Political Will Critical In Ensuring Transparency and Accountability In Public Finance Management
As the Zimbabwe Coalition on Debt and Development (ZIMCODD) convened a Public Finance Management (PFM) Reform Indaba in Harare on the 16th of April 2019, citizens and stakeholders in Harare expressed dissatisfaction with how public funds are managed in the country, demanding deterrent measures against corrupt public officials in the quest for accountability and transparency in PFM. The PFM Indaba, which was the last leg for the coalition’s first quarter PFM Reform Indabas, provided participants with an opportunity to review and interrogate PFM system in Zimbabwe with special focus on the alignment of the Public Finance Management Act to the Constitution.
Key Demands and Recommendations
•The national Constitution should be translated into all indigenous languages for it to appeal to diverse citizens. This is important in ensuring that citizens to participate national budget processes from an informed position.
•The whipping system in Parliament of Zimbabwe is undermining the institution’s role in PFM and should therefore be revoked to allow for Members of Parliament to fully represent the interests of the electorate not just their political parties.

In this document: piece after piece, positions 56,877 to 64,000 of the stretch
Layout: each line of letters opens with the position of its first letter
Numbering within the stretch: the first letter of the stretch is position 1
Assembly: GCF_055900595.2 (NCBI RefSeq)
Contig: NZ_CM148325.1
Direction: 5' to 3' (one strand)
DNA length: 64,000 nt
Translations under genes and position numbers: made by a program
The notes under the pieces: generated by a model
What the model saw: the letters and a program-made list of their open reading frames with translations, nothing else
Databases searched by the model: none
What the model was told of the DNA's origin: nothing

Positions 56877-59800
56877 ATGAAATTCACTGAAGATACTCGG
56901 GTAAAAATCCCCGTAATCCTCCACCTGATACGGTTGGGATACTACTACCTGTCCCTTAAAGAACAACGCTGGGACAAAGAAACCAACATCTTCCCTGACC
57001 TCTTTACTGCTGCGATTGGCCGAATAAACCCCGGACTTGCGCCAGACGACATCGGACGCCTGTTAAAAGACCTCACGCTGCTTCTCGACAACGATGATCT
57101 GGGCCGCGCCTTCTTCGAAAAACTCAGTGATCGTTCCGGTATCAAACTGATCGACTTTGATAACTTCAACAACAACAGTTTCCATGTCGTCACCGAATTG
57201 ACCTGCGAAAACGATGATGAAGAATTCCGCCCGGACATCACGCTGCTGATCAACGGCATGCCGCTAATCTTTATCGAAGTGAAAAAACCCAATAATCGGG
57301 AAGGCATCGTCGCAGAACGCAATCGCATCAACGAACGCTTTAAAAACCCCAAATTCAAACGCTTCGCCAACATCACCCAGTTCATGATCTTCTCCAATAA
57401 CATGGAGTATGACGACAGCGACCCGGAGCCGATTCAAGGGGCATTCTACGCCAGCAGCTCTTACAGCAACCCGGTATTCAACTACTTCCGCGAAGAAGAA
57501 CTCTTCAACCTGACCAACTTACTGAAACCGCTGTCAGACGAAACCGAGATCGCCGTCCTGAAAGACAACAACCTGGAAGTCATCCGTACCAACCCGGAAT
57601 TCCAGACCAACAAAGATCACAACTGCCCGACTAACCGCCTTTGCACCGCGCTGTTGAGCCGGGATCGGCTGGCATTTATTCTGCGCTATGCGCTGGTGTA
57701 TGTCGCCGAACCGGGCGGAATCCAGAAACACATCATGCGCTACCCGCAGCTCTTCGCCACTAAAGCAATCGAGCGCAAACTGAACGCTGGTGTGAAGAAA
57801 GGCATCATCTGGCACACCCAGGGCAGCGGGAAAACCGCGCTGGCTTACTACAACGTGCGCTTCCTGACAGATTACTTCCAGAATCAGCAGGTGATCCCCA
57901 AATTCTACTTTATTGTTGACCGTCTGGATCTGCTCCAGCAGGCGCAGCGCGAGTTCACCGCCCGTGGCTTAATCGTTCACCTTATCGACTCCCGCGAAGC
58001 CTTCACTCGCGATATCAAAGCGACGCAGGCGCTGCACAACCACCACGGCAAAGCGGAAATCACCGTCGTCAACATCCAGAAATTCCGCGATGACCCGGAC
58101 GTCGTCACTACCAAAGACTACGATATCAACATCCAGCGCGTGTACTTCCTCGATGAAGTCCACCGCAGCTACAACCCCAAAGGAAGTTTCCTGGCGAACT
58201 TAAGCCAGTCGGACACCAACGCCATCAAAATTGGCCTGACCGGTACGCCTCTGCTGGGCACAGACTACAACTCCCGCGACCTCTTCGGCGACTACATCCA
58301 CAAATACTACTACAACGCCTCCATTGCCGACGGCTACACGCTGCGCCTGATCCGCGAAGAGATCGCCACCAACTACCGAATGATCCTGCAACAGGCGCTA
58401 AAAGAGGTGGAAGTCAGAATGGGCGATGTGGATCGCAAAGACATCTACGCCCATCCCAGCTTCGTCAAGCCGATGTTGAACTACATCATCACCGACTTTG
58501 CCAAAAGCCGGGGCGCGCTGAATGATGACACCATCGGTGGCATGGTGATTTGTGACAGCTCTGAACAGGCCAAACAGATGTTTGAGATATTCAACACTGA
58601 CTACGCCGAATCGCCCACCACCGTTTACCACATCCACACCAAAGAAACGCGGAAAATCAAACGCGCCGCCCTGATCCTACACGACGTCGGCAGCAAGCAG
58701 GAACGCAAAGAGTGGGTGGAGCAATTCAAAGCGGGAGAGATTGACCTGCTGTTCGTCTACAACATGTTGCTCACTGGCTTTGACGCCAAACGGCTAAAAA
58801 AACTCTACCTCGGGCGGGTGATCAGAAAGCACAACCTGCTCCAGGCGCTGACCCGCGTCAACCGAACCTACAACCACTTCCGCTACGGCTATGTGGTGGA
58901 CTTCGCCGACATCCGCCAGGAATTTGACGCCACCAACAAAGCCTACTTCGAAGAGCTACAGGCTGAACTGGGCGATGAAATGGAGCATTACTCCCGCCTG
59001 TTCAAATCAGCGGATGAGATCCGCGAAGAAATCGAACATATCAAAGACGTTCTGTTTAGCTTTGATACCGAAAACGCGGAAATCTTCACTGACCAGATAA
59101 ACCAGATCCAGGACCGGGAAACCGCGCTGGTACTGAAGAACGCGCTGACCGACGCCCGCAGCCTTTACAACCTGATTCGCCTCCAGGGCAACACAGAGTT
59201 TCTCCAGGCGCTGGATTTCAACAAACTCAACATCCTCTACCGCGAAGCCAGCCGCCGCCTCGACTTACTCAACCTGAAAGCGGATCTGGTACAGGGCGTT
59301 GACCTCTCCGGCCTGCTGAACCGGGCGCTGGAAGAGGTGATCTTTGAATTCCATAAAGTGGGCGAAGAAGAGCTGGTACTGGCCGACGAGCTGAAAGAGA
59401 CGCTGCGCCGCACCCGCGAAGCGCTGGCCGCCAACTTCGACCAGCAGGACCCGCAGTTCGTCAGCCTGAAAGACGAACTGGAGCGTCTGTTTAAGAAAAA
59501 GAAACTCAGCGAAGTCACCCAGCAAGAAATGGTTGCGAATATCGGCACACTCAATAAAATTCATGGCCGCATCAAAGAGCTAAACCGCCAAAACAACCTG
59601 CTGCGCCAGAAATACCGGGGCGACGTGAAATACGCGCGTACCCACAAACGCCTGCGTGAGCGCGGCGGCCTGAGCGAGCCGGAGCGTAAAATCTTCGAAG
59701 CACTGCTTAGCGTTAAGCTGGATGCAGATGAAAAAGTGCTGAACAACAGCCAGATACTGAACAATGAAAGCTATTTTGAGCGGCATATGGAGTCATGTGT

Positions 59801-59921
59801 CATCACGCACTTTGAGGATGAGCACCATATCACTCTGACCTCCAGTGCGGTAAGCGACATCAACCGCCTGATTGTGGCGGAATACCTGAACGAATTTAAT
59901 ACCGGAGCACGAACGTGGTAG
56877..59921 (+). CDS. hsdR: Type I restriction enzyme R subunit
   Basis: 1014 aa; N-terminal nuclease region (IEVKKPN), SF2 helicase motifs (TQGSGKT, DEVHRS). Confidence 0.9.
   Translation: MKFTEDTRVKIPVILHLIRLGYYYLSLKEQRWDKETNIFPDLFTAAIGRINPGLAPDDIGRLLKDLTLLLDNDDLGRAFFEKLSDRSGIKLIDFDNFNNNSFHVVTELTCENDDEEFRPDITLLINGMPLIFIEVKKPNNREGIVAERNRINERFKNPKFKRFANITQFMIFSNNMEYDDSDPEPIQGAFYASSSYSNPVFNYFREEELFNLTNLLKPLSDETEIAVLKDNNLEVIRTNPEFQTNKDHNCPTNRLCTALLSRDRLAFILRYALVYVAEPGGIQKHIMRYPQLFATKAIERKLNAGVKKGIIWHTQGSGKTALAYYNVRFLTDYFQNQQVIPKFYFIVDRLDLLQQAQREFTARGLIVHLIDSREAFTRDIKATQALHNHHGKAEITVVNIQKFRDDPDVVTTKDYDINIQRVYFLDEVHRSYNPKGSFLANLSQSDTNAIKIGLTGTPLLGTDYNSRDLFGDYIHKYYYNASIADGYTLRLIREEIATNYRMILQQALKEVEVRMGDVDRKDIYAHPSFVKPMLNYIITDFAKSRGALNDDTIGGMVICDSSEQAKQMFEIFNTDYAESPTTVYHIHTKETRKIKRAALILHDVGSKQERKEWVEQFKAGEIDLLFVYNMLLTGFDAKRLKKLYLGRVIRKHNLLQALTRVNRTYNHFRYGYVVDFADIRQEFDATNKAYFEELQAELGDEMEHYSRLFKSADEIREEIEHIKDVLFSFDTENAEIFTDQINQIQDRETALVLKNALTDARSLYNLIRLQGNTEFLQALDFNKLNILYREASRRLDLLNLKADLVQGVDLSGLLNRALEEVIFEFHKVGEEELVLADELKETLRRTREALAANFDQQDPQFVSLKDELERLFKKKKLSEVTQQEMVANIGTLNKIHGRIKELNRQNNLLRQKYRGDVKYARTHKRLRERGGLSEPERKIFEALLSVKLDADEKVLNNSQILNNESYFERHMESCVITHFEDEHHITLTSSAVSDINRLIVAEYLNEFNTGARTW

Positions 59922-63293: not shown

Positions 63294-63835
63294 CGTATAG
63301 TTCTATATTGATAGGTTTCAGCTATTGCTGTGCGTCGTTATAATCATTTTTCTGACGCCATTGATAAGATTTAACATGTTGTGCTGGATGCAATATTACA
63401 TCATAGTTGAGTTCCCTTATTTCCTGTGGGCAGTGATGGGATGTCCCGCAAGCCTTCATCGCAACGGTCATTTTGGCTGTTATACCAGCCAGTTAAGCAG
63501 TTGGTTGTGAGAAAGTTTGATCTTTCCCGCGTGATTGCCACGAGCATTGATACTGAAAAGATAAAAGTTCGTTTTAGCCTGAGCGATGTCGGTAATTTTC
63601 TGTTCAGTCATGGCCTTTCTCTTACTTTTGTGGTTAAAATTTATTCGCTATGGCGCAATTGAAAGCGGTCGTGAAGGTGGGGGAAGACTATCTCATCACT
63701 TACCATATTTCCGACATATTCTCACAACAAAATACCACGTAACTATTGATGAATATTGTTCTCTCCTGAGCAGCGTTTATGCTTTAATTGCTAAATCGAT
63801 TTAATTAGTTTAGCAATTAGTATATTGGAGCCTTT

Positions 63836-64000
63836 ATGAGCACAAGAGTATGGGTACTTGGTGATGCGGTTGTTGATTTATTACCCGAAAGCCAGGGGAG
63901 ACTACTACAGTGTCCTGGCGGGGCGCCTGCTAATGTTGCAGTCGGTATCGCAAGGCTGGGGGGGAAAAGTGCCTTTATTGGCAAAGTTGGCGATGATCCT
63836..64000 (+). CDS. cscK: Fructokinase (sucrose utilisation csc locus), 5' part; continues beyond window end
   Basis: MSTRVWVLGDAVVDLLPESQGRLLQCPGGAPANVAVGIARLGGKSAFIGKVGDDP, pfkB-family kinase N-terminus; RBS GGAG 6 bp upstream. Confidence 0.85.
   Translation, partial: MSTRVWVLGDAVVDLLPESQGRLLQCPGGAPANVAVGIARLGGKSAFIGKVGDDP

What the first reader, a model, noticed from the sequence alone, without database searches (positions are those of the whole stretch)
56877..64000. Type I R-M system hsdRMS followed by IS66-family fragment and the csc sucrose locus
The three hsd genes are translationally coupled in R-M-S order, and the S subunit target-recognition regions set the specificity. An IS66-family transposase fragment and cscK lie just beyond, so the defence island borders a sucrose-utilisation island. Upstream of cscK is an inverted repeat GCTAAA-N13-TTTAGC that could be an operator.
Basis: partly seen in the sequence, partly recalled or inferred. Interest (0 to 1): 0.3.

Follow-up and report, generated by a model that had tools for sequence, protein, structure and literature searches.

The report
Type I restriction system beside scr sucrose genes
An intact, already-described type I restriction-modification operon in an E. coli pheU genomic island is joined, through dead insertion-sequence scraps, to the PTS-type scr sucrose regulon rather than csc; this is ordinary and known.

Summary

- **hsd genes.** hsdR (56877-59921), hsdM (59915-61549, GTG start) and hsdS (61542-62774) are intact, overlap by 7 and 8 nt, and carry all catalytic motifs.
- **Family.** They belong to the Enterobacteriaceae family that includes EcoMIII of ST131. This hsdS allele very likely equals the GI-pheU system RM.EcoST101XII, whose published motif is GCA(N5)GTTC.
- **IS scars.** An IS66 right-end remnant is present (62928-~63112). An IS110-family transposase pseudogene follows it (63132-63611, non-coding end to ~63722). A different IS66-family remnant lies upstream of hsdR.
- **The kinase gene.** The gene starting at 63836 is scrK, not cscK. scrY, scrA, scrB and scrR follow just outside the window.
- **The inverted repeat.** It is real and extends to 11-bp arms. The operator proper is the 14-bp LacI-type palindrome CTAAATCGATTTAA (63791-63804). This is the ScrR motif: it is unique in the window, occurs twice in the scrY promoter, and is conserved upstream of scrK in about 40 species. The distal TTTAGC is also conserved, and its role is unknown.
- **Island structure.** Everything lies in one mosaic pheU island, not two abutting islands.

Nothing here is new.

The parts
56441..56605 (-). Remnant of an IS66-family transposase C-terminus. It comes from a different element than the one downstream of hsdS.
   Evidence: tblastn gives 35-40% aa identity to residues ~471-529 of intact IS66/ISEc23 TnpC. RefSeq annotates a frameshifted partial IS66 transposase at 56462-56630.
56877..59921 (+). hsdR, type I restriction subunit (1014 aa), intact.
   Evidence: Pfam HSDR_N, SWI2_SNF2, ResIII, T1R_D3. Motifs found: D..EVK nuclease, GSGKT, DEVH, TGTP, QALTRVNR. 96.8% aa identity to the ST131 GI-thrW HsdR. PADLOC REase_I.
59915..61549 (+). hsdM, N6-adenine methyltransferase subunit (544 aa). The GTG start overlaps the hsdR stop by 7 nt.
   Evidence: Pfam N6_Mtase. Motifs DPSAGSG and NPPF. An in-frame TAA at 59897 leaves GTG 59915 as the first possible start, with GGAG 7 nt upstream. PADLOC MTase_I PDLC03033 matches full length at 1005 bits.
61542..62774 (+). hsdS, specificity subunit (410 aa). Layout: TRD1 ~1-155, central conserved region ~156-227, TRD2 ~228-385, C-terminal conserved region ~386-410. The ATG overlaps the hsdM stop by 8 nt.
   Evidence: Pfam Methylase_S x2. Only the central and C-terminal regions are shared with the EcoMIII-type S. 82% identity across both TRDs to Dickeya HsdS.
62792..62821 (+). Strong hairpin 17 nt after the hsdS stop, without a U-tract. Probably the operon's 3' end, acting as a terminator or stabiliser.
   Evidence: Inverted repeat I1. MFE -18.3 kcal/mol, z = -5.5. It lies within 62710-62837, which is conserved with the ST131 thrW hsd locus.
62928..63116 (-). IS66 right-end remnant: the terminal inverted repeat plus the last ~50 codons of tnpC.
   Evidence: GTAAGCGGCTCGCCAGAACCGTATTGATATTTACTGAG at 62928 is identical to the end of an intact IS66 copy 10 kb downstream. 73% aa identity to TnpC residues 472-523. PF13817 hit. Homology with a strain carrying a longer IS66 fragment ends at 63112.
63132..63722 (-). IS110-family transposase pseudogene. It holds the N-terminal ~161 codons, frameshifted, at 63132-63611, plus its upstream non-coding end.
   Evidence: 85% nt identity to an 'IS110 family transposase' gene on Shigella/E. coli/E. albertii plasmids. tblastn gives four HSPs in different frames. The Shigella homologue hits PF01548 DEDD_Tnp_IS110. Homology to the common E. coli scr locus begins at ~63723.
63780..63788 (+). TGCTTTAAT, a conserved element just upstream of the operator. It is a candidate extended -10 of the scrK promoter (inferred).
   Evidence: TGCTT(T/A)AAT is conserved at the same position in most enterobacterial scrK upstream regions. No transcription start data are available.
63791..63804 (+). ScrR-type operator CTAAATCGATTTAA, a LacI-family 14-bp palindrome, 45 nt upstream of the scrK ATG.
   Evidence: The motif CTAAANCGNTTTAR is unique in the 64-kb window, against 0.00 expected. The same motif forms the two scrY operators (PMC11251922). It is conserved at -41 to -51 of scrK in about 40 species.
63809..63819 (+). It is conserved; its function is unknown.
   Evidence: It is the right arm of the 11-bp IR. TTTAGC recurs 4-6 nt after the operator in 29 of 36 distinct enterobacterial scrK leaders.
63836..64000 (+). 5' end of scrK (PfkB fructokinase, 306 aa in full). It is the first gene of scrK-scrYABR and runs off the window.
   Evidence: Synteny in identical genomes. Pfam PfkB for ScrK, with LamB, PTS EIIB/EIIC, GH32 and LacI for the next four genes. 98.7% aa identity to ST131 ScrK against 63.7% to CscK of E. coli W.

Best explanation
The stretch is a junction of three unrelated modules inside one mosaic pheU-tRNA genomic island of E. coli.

•People living with disabilities are not well recognised in society to the extent that crucial meetings such as budget consultations are conducted in venues which are not accessible to people with disability, thereby excluding them from participation. Participants at the PFM Indaba called upon Parliament and the relevant authorities to ensure that Bills are available in format that is palatable to the deaf and blind to ensure their participation.
•Transparency, accountability and political will are critical in strengthening the management of public finances and should be embodied in the Public Finance Management Act as provided for in the Constitution, Section 298.
•Revenue raised nationally must be shared equitably between the central government and provincial and local tiers of the government.
•Recommendations from the Auditor General (AG)’s office are never implemented despite their accuracy. The AG should therefore report directly to Parliament.